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Bariatric Surgery for Teens with Severe Obesity Study: Teen-LABS

The NIDDK funded the Teen-LABS (Longitudinal Assessment of Bariatric Surgery) study to look at the short- and long-term risks and benefits of bariatric (weight-loss) surgery in teens, including gastric band, gastric sleeve, and gastric bypass. Teen-LABS is the first large-scale study of this procedure in teens who have severe obesity (a much greater-than-normal amount of body fat) and serious weight-related health problems, such as prediabetes, type 2 diabetes, cardiovascular disease (heart and blood vessel disease), sleep apnea (breathing problems during sleep), nonalcoholic fatty liver disease (NASH), or other conditions.

For teens with severe obesity, lifestyle changes such as following a healthy eating plan for weight loss and being more active are important, but if not enough weight is lost to improve health, then additional treatments such as weight-loss surgery may be considered. Weight-loss surgery is being used more often as a treatment for teens who have severe obesity, but more research is needed in this area better understand how effective it is with teens and whether there are risks associated with the surgery.

Results

Researchers found major improvements in weight, heart health, prediabetes, type 2 diabetes, high blood pressure, high blood cholesterol, and abnormal kidney function 3 years after weight-loss surgery in teens who were in the study.

Five years after weight-loss surgery, researchers compared results for teens who were in the study and had gastric bypass surgery to adults who had the same procedure in the LABS (Longitudinal Assessment of Bariatric Surgery) study. Adults in the LABS study reported having obesity when they were teens but did not have surgery until they were adults. Researchers found that earlier gastric bypass surgery may have greater benefits compared to waiting until later in life.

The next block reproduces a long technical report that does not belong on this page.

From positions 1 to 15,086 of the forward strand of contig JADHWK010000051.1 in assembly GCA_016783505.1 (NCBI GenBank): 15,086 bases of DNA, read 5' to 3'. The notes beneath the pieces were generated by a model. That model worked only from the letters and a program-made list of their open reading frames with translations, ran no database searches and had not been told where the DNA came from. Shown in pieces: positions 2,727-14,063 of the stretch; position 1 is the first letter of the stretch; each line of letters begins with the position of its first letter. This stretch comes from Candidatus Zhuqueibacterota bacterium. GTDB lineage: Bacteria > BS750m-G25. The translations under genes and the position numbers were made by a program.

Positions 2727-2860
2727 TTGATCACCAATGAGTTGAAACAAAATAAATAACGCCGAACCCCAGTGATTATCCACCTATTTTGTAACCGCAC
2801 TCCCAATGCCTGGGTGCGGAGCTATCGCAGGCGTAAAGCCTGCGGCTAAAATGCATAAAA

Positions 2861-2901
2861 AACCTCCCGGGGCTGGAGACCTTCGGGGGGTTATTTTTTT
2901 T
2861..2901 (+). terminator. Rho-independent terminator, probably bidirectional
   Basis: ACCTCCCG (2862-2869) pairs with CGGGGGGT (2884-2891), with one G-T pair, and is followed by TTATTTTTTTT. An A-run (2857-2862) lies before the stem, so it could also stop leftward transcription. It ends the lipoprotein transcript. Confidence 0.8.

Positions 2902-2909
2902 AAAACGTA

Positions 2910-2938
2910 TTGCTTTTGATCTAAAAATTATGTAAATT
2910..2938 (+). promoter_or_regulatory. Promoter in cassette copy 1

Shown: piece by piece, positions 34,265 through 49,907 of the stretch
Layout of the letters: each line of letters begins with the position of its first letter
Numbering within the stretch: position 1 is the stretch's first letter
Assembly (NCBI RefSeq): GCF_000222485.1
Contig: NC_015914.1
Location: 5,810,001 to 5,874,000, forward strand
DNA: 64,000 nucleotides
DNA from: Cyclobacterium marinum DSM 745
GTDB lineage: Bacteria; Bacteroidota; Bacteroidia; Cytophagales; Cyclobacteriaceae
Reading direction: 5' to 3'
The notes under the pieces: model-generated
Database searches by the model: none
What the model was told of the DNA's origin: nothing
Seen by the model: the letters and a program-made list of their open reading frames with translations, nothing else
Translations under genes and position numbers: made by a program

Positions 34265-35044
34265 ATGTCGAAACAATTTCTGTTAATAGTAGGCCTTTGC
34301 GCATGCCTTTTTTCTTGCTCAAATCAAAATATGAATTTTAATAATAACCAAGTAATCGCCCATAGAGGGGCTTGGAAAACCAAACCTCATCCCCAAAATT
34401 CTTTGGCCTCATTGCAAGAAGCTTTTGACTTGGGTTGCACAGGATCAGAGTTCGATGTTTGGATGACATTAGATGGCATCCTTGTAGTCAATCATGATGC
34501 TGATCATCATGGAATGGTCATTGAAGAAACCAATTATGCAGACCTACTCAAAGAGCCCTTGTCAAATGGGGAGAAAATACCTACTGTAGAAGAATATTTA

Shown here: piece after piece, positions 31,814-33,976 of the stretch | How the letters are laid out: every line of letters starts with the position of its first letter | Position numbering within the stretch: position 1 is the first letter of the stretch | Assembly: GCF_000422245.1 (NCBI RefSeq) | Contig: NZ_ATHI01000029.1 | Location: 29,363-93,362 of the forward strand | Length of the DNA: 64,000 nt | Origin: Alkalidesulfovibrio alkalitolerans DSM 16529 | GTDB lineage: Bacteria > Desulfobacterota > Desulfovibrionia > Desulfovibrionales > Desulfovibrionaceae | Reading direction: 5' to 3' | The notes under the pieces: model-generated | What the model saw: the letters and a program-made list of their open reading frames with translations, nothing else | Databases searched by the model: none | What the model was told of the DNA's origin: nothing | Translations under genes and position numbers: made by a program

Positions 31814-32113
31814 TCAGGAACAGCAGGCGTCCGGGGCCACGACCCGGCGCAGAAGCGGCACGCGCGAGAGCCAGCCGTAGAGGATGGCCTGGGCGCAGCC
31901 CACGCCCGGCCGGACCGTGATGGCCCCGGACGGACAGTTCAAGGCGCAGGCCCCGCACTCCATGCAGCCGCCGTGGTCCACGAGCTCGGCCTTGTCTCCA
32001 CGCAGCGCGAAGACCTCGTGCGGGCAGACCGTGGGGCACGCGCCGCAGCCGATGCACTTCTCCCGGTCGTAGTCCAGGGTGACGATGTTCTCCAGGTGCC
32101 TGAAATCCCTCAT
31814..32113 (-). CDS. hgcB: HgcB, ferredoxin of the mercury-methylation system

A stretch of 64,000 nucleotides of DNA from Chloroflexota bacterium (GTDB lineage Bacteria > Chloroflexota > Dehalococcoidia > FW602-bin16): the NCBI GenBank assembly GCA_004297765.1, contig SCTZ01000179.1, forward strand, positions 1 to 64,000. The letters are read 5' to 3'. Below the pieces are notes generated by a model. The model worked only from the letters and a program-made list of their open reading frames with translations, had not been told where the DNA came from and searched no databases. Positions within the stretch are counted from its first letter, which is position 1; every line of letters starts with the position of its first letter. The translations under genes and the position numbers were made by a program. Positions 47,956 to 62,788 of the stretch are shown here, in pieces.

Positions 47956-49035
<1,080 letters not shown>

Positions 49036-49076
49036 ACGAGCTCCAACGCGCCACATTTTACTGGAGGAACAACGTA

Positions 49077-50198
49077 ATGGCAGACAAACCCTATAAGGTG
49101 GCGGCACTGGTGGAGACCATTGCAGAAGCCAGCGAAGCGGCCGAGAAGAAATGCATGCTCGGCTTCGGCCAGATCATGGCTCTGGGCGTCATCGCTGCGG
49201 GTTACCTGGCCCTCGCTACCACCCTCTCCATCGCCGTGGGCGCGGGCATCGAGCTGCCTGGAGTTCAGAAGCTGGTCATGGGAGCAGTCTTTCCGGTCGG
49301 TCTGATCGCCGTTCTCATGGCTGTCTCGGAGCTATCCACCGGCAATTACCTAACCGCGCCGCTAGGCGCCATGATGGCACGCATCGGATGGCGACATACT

• Teens lost 26 percent of their bodyweight and adults lost 29 percent of their bodyweight.
  • Teens with type 2 diabetes before surgery were more likely than adults to have better blood glucose (blood sugar) control without the use of diabetes medications. After surgery no teens needed diabetes medications compared to 88 percent of teens before surgery. After surgery 26 percent of adults needed diabetes medications compared to 79 percent of adults before surgery.
  • Teens were more likely than adults to no longer have high blood pressure or take blood pressure medications. After surgery 11 percent of teens needed blood pressure medications compared to 57 percent of teens before surgery. After surgery 33 percent of adults needed blood pressure medications compared to 68 percent of adults before surgery.

Researchers also identified some risks from surgery. Five years after surgery teens were more likely than adults to need additional abdominal surgery, most commonly gallbladder removal. Teens were also more likely to have low iron and vitamin D levels, possibly because teens may be less likely to take enough vitamin D and mineral supplements after surgery. There was a similar death rate for teens and adults.

Study Size, Participant Demographics, Study Design, and Follow-up

About 240 teens, ages 13 to 19, were enrolled in Teen-LABS between 2006 and 2012. 161 teens in the study had bariatric surgery at five medical centers:

  • Cincinnati Children’s Hospital Medical Center, Ohio
  • Texas Children’s Hospital, Texas
  • Children’s Hospital of Alabama, Alabama
  • University of Pittsburgh Medical Center, Pennsylvania
  • Nationwide Children’s Hospital, Ohio

Before joining the study, all of the teens made the decision to have weight-loss surgery. While the study did not provide their surgeries, all surgeries took place at one of the Teen-LABS’ clinical locations specialized in the surgical evaluation and management of young people with severe obesity. Their health was then evaluated as part of the study before and after surgery. The surgeries were performed between 2007 and 2012.

In 2016, NIDDK extended funding for Teen-LABS for several more years to allow the researchers to gain additional information from participants on longer-term benefits and risks from the surgery. For example, researchers will assess

  • how long the weight loss lasts
  • whether improvements in quality of life, diabetes, blood pressure, and other conditions are long lasting
  • whether other health problems occur

Research findings on the longer-term health outcomes of weight-loss surgery will guide treatment decisions to improve the health of teens with severe obesity.

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